Our organization is lucky to have her as a champion as well, and we wish her the best on her future endeavors. Join us in thanking Jenny on Facebook!
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We wrote a letter demanding that the School District of Philadelphia improve transition services for students with disabilities

Students with disabilities and their allies SDAG at the University of Michigan
Students with disabilities and their allies (SDAG) at the University of Michigan
On February 23, we led a group of eight organizations and three public school parents to send a letter to the President of the Philadelphia Board of Education, expressing our concern that students with disabilities in the School District of Philadelphia are not being adequately prepared to reach their goals for life after high school. In Pennsylvania, students with disabilities between the age of 14 and 21 are legally entitled to receive transition services to help them prepare for employment, further education, and independent living.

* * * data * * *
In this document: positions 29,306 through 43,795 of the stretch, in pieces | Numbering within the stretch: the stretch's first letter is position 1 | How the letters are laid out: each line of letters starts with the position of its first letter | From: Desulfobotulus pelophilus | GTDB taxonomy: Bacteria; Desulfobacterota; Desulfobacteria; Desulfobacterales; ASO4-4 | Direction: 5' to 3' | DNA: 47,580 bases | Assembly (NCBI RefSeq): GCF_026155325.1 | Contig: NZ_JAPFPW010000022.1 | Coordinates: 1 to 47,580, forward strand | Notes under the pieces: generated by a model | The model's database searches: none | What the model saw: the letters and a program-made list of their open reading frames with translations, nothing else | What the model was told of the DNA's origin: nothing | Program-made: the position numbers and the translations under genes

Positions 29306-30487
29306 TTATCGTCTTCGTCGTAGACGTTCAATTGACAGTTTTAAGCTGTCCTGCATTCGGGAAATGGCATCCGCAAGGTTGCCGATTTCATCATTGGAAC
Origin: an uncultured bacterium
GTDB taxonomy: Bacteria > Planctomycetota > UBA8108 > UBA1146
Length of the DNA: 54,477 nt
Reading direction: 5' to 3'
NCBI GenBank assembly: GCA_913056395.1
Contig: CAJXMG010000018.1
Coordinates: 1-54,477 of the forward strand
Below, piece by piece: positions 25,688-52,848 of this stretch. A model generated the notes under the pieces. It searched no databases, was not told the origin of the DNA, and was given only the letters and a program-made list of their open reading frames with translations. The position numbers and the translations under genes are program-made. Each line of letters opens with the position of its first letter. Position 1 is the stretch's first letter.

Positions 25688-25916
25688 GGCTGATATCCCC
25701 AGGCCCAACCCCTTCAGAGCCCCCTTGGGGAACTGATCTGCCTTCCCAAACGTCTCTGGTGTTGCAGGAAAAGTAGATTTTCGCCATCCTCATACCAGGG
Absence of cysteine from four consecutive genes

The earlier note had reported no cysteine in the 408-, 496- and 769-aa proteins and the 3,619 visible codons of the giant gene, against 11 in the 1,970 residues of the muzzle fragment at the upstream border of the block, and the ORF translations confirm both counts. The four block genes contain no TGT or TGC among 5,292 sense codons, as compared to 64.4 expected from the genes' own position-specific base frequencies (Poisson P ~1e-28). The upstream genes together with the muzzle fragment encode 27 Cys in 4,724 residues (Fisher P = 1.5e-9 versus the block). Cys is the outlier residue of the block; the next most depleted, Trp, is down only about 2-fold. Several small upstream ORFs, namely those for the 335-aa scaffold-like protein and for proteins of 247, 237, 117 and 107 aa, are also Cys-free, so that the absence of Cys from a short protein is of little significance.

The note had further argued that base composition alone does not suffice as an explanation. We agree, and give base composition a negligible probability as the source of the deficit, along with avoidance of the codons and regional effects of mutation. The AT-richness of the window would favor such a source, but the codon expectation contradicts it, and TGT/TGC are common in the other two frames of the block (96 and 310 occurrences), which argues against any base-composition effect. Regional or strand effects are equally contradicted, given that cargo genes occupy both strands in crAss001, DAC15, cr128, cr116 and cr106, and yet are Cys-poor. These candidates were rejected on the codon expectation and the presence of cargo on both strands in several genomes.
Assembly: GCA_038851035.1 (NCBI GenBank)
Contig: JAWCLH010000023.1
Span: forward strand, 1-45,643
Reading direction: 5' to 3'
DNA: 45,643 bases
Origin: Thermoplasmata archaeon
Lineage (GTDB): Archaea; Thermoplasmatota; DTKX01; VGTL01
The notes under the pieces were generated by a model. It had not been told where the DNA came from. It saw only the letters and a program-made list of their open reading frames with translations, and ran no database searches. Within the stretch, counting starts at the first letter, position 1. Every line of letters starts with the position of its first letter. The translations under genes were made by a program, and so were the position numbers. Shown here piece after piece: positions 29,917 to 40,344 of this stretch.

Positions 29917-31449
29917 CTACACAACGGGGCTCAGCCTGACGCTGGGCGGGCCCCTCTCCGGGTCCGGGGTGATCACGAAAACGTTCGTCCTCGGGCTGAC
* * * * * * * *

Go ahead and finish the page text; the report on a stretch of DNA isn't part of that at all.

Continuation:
In our letter, we provided key insights from an October 2020 City Council hearing on the issue, which we organized in collaboration with City Council's Committees of Disabled and Persons with Special Needs and Education. Several of the panelists that testified at the hearing, including parents of current and former District students with disabilities, disability advocates, and transition service providers, emphasized that comprehensive transition planning should be the cornerstone of education for students with disabilities, who often face significant hurdles after high school. The hearing also shed light on the fact that the District is not currently providing students with disabilities with sufficient transition planning and services that they need to succeed, with data showing that 60 percent of eligible students in 2017-18 did not receive the services they were entitled to. Multiple parents of students with disabilities testified about the ways in which the District's lack of appropriate transition planning and services has hampered their children's progress towards employment, further education, and independent living.